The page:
Research Brief
Improving the efficiency of tax collection in Tanzania

Evidence from risk-based tax examinations

Risk-based approaches are becoming commonplace for tax authorities as a tool for enforcement. Improvements in technology, technological adoption and in some cases machine learning, hold great promise for finding the taxpayers who are most likely to avoid taxes, thus improving the detection of non-compliant taxpayers.

A pilot risk-based tax examination intervention at the Tanzanian Revenue Authority (TRA) raised tax revenue through a 15% increase in adjusted taxable income

The initiative raised around TSZ10 million (~US$4,350) per examined firm during the first year of implementation, amounting to US$20 million in total

Impacts were concentrated in the service sector and among corporate income taxpayers
Increased efficiency of tax examinations is found in the Dar es Salam region where the pilot was initiated

Additional tax revenue gained 
far outweighs the cost of the intervention

A new method for flagging taxpayers for examination

A pilot was run jointly by the Tanzanian Revenue Authority (TRA) and the Finnish Tax Administration (VERO) where a new method for flagging taxpayers for tax examination was designed and implemented. The pilot sought to improve the efficiency of tax examination, improving the skills of the tax officers, treating taxpayers equally and focusing examination efforts on risky taxpayers, and reducing the time spent on examining taxpayers with less risks for non-compliance. This was done by tax offices using a spreadsheet with an automatic flag system for selecting firms into a risk-based assessment. The pilot started in July 2019 and was only implemented in Dar es Salam tax offices, namely Ilala, Temeke, Kinondoni, and Kariakoo.

Photo: Scott Edmunds / FlikrThe implementation of the pilot allowed for a comparison of revenue collection between taxpayers in the pilot area and the other five major tax offices in Tanzania — namely Arusha, Dodoma, Mbeya, Morogoro, and Mwanza. The anonymized data were provided by the TRA at the taxpayer-level from for the period 1 July 2015 to 30 June 2020. The data includes information about the initially declared and adjusted taxable incomes.

Who are the firms in the Dar es Salam region? The descriptive analysis shows that most of the taxpayers in the pilot area are larger and more profitable firms when compared to the taxpayers in the non-pilot area. The largest number of these firms are from the service and wholesale and retail sectors.

Photo: NIna R / Flikr

Pilot intervention led to revenue gains

The results from an analysis between firms within the pilot regions and firms outside the pilot region over the studied period show that the risk-based tax examinations increased the revenue collected in the first year after the implementation of the intervention.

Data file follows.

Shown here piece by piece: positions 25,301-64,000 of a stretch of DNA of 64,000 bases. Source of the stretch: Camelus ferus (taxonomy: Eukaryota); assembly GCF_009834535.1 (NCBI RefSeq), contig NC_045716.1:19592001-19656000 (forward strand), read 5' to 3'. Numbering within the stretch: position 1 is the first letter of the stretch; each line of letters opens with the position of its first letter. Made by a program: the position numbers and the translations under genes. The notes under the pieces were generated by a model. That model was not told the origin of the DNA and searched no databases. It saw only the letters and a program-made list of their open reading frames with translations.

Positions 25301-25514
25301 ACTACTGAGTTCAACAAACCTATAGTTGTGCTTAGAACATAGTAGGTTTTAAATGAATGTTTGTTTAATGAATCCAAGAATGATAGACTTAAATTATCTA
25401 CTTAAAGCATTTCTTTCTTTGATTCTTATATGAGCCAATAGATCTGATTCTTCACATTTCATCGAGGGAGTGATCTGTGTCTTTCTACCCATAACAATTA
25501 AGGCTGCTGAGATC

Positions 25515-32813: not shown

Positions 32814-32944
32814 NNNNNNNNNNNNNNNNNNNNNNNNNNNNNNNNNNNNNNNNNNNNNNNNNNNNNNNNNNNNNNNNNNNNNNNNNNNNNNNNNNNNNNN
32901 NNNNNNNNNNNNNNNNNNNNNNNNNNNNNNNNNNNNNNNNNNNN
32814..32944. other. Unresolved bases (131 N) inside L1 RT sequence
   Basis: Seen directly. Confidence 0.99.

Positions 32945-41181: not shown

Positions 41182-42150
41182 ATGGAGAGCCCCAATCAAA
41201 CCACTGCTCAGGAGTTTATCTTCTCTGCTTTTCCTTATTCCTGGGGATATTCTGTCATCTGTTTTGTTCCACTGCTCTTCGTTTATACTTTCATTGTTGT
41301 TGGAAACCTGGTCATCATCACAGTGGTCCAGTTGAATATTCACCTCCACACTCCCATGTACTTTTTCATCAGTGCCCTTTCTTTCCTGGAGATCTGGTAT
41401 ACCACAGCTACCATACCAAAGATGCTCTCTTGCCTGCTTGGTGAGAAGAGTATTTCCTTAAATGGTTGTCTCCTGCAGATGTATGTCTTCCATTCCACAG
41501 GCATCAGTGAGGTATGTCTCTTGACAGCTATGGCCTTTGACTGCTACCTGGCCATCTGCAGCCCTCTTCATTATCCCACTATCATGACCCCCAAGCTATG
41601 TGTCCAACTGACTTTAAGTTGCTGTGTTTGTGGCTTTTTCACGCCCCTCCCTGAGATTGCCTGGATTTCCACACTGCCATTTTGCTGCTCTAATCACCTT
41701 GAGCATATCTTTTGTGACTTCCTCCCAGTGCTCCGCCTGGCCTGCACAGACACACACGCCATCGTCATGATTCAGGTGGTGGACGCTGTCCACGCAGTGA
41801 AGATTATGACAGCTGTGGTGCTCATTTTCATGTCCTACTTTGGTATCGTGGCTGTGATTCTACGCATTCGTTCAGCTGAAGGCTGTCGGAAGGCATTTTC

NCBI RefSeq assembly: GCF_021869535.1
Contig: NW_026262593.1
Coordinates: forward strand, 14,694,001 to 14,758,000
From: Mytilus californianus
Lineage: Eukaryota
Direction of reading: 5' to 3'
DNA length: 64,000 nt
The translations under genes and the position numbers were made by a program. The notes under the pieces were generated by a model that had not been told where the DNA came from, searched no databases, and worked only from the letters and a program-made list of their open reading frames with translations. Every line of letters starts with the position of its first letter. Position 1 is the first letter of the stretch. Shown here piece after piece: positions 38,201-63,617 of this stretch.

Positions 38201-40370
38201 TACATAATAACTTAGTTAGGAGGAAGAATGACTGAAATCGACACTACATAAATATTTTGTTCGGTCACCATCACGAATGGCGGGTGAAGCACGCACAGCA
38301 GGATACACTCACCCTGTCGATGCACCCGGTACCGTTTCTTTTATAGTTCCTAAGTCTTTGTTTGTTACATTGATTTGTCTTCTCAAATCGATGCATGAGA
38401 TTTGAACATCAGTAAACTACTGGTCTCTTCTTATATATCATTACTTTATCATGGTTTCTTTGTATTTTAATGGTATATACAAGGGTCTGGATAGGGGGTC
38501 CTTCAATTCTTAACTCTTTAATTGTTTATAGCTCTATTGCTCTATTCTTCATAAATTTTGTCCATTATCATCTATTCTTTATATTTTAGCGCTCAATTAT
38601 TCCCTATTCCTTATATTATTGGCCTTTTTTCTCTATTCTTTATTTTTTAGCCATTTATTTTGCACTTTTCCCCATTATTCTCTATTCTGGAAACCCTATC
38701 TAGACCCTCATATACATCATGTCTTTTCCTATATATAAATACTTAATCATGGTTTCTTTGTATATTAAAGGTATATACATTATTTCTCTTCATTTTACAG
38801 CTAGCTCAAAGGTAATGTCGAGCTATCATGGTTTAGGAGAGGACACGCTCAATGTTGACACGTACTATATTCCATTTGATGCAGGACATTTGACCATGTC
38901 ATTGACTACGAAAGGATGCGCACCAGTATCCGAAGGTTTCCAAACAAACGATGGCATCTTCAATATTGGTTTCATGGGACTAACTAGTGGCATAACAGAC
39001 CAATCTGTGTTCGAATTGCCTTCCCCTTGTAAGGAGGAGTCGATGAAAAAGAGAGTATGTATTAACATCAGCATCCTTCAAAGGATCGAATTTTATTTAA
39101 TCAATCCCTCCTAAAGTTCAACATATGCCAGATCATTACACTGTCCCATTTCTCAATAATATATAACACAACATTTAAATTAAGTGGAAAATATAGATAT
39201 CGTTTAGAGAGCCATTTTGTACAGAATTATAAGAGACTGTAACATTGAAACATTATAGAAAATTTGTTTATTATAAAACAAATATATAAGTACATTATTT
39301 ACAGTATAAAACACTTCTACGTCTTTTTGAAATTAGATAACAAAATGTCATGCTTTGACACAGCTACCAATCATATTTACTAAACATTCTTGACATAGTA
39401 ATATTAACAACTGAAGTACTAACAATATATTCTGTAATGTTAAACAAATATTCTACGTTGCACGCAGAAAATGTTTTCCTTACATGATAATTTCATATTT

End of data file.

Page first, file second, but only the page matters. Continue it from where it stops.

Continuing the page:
Figure 1 Mean adjusted taxable income for taxpayers in Dar es Salam compared to other tax offices.
Notes: outliers of large firms were removed in the full sample by dropping observations above 95th percentile from the outcome variable for each financial year. The solid line represents taxpayers in the Dar es Salam region. The dashed line indicated taxpayers in the comparison group, outside of the Dar es Salam region.
Source: authors’ estimates based on TRA administrative tax data.

This analysis shows that the intervention affected tax revenues in the Dar es Salam region where the pilot was implemented. The results show a 10-15% increase in adjusted taxable income, where the risk-based tax examinations were implemented. This would suggest that use of the spreadsheet to flag risky taxpayers could improve efficiency of tax examinations and lead to an increase in tax revenues. The impacts are found in corporate income taxes and arise predominantly from  the services sector. 

Furthermore, the pilot shows that the growth in tax revenue in the pilot area mainly stems from increases in the amount of tax paid. The number of firms filing income adjustments remained constant and does not affect the tax revenue collected. This highlights the fact that focusing on improving the efficiency of tax examinations is more beneficial for the TRA than conducting more tax examinations. Finally, the pilot risk-based spreadsheet was a highly cost-effective intervention. The cost of implementing the use of the spreadsheet was very low  in comparison to the gains in additional tax revenue.

It is possible for risk-based tax examinations to increase tax revenue collection in a developing country context

The intervention holds great potential for being further developed for firms in Large Taxpayers’ Departments with more complex selection criteria

There is tax revenue potential when firms undergo tax examinations

Improving the efficiency of tax examinations can be more beneficial than conducting additional tax examinations

The results should be interpreted with caution. A longer period after the intervention would provide more credible results. Further analysis should consider the possible effects of the COVID-19 pandemic on taxpayers.